Paragraph 7.2 Outdoor and public spaces marketing “Outdoor advertising includes billboards, both digital and paper, as well as posters or signs”. We’ve got a sign outside our office - would that be included? What about distillery signs? Or posters advertising a whisky tasting in the local shop? Or signage to a booze related event? There was mention that the restrictions could only apply to places near schools, leisure centres etc. That’s all well and good but in Campbeltown everywhere is near a school, or a nursery or a leisure centre! In fact, thanks to google maps I can tell you that every pub, booze shop, indie bottler and distillery in Campbeltown is within a maximum of 650m of one of those places. Does that mean none of us can have signs outside our business? Or advertise the Campbeltown Malts Festival? Hopefully not. But again, the people writing this consultation have probably never been to Campbeltown. Or many other rural areas of Scotland. So tell them about it. Explain how many tourists come to the area to visit the very brands that they are considering restricting.
Paragraph 8.8 Window Displays “…This would prohibit window displays from being included within the permitted alcohol display area, which would reduce the visibility of alcohol from outside the shop itself..’. So what’s the solution for shops that only sell alcohol - blacked out windows? That would look good wouldn’t it? More seedy sex district than tourist hotspot. So send a photo of your local high street with its speciality booze shop (or shops) or local pub with its traditional frontage sign painted with ‘beers, wines, spirits’ and then ask them to think how that would look with blacked out windows.
Paragraph 9.6 Brand Sharing & Merchandise “One way we could seek to reduce the visibility of alcohol brands would be to prohibit the sale or distribution of alcohol branded merchandise including t-shirts, jackets and caps as well as branded glasses and mugs” That would fair narrow the options in visitor centres and brand home shops wouldn’t it? Might even encourage people to buy alcohol instead to show their support for their favourite brand. Don’t think that’ll have been considered as an outcome so let’s point it out. Also, what about employees and brand owners? Does that mean Mark and I wouldn’t be able to wear Watt Whisky t-shirts anymore? I hope not or we’re going to have to buy a whole new wardrobe!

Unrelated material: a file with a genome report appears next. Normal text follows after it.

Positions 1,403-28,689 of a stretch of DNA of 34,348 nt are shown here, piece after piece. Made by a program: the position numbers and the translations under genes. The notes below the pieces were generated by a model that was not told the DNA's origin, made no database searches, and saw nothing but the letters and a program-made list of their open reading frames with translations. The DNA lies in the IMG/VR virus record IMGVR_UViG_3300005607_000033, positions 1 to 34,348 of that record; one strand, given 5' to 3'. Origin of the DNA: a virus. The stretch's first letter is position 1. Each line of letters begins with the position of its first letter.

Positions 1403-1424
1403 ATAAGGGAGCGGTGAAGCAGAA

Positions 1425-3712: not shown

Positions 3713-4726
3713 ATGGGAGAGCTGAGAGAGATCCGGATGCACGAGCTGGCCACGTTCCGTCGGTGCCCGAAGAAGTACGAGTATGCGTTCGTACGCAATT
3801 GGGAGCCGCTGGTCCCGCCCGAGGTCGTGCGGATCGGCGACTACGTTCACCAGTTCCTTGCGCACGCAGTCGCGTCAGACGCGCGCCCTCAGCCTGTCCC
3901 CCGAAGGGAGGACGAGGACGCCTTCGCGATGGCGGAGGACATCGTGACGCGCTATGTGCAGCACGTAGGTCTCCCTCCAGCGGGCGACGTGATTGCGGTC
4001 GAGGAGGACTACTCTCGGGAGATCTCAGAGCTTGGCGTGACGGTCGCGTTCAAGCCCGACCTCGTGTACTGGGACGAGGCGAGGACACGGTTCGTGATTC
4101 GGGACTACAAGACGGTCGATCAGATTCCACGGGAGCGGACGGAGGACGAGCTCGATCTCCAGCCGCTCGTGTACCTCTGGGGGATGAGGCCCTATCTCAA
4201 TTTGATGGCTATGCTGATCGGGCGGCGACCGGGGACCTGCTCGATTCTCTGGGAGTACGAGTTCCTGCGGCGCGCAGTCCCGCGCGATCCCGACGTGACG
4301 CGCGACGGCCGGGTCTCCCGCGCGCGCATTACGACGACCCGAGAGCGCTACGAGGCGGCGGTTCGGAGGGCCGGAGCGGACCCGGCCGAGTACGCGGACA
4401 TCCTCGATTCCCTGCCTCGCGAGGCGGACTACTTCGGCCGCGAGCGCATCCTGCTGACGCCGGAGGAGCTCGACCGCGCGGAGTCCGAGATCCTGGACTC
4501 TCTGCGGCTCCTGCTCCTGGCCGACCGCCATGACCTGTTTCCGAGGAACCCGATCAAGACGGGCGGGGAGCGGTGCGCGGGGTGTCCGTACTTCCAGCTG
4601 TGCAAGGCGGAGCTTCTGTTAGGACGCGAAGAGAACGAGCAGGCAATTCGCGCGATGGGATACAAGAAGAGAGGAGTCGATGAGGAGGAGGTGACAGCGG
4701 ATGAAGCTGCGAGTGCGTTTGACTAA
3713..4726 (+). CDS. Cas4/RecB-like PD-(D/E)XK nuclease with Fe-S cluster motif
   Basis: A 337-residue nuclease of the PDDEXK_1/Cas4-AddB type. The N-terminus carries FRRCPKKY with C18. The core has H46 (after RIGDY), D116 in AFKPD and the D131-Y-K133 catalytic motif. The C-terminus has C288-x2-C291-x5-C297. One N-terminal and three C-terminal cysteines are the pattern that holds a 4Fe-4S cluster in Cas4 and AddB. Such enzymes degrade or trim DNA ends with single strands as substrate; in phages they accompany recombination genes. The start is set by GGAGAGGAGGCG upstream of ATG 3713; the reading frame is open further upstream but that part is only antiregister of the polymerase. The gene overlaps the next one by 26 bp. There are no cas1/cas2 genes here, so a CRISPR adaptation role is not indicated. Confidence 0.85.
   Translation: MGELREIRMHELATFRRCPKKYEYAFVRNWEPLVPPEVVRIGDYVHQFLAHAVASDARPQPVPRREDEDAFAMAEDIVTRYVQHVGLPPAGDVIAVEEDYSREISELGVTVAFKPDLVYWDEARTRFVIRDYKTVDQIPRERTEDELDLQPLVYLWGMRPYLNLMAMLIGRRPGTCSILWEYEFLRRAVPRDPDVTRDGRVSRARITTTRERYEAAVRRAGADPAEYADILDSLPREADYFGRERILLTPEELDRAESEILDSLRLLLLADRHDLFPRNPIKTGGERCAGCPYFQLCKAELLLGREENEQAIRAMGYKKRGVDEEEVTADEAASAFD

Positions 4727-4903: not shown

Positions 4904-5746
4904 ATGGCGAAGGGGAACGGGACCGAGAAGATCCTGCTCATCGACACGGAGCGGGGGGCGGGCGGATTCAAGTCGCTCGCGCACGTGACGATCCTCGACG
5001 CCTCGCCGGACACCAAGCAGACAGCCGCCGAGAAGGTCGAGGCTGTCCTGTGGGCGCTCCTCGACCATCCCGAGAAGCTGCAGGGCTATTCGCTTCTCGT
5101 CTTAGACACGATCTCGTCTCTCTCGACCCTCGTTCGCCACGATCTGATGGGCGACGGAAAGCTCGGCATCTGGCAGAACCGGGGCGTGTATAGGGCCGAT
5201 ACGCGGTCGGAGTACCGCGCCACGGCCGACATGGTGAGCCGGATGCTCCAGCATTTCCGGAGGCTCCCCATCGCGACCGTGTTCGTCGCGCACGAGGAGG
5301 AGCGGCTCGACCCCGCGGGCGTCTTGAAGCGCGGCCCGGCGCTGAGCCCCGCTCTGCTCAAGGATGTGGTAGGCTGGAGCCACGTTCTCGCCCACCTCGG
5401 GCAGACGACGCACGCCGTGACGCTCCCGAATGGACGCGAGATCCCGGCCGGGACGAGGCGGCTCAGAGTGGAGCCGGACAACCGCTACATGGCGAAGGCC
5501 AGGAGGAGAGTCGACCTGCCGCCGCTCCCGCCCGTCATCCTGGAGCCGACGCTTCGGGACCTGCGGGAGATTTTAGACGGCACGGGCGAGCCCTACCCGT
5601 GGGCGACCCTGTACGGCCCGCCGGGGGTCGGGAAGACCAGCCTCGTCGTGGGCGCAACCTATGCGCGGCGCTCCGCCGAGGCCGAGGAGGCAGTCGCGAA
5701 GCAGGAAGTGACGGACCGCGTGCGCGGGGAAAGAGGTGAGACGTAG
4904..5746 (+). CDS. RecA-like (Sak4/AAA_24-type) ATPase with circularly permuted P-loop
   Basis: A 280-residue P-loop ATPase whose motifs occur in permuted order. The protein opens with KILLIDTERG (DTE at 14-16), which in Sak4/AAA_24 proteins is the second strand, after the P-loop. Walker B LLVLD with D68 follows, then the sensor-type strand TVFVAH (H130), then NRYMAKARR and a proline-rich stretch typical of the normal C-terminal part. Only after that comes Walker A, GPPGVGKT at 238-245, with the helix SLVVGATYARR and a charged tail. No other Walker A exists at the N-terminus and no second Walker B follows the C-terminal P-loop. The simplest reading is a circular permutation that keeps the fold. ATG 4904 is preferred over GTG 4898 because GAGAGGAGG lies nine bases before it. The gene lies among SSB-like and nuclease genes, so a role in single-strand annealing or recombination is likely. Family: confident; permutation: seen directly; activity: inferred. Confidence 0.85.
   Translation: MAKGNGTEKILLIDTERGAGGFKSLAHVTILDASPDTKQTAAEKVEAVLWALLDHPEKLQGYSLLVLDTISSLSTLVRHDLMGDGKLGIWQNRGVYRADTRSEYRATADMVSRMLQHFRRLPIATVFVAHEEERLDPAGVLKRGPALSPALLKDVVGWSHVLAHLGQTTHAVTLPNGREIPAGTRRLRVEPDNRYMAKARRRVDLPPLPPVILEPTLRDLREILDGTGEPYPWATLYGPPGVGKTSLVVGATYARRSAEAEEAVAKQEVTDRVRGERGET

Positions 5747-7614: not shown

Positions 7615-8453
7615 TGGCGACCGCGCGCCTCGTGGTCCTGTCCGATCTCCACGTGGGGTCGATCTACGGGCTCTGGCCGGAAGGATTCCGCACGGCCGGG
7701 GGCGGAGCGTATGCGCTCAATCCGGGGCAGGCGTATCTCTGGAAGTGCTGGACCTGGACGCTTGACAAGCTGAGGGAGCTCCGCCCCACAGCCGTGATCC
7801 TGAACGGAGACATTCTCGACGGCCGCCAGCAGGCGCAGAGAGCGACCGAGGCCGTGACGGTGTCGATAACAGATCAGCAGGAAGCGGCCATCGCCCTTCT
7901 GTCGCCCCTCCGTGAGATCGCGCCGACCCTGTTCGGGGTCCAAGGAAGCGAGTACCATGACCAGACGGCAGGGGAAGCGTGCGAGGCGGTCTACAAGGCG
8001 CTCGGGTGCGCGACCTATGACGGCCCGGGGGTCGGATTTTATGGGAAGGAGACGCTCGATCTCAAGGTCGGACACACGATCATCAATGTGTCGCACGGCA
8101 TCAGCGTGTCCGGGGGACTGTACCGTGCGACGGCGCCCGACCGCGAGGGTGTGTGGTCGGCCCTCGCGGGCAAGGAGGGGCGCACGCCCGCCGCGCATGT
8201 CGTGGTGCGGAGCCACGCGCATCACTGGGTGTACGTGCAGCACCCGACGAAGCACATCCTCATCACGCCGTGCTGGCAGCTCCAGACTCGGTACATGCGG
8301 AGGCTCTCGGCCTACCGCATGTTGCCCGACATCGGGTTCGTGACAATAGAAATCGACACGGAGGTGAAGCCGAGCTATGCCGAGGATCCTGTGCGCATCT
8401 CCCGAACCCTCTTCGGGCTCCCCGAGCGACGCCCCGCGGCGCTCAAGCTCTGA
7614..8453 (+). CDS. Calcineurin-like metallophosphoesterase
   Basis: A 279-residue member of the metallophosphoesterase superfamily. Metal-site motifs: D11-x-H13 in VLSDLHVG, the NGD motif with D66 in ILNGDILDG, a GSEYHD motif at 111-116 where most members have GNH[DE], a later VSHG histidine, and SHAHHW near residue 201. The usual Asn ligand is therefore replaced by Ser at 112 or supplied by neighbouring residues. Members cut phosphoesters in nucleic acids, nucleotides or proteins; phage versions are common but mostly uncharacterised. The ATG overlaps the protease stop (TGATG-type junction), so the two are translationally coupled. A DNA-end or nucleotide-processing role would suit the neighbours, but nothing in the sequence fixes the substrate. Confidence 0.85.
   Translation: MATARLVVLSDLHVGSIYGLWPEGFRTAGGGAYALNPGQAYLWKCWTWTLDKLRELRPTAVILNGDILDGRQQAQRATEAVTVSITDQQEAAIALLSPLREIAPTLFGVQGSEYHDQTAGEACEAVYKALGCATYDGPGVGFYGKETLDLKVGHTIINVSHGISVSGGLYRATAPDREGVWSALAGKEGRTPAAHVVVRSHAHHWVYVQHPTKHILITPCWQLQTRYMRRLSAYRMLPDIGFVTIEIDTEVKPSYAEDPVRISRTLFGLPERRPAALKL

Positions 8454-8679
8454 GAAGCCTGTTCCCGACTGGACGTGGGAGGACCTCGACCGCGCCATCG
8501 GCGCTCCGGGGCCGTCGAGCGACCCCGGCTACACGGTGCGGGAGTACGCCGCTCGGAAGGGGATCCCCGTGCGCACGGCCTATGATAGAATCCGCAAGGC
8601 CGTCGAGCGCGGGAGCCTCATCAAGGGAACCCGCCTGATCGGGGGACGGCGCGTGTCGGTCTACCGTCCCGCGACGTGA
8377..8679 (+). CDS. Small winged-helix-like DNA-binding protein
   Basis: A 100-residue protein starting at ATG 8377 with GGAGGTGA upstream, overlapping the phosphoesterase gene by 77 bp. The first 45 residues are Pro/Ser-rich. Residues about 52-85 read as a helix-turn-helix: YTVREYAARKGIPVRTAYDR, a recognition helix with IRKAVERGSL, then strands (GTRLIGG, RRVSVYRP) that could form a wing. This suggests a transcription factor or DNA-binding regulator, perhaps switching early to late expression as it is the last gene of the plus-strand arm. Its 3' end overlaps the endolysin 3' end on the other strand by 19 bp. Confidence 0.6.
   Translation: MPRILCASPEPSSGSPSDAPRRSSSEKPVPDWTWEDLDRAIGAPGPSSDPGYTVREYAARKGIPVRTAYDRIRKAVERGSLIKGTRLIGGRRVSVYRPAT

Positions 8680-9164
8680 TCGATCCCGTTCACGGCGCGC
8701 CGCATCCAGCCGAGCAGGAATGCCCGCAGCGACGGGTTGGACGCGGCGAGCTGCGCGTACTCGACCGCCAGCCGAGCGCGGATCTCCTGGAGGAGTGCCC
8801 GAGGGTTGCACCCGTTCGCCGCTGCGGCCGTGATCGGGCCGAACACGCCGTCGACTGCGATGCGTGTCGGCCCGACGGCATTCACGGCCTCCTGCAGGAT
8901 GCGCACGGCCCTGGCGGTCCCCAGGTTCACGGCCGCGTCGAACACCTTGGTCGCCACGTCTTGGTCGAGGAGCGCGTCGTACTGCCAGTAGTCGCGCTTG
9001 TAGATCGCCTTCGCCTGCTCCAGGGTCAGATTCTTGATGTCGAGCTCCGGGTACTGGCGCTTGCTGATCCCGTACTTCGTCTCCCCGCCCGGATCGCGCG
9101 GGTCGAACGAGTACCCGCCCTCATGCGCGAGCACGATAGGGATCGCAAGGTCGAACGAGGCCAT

And don’t get me started on Paragraph 11, Online Marketing. The only brand visibility we get is online so if we’re not able to promote ourselves on socials or share good reviews then we’re pretty screwed. Fortunately it mainly seems to focus on paid online advertising which we don’t do cause we’re too cheap and the concern in 11.12 that ‘High quality posts advertise the product/s sold and show the alcoholic drink being consumed in desirable locations or contexts..’. Think we should be safe on that front! Again though, let’s seek clarification about what online marketing actually entails. Are online tastings included? What about advertising a whisky festival? Surely as far as online marketing is concerned it’s up to the social media companies to regulate this and ensure booze marketing is only reaching its intended target?
All these points, I would argue, have way more important and far-reaching implications than whether the Scottish Government fully appreciates the nuance and workmanship that goes into producing the myriad different single malts in Scotland (even though they are all essentially variations of the same thing!)
So please, whether you’re in the booze trade, hospitality, tourism, retail, run a community group or event that relies on support (publicised or not) from the booze or hospitality trade or are just an interested individual, read the consultation, decide which bits are important to you, and send in a (non-ranty) response. If enough of us do it, it might just make a difference.
* My understanding of how the consultation process works comes from my brother who is a senior policy advisor in New Zealand. I assume our bureaucratic process is fairly similar but if not, blame Col.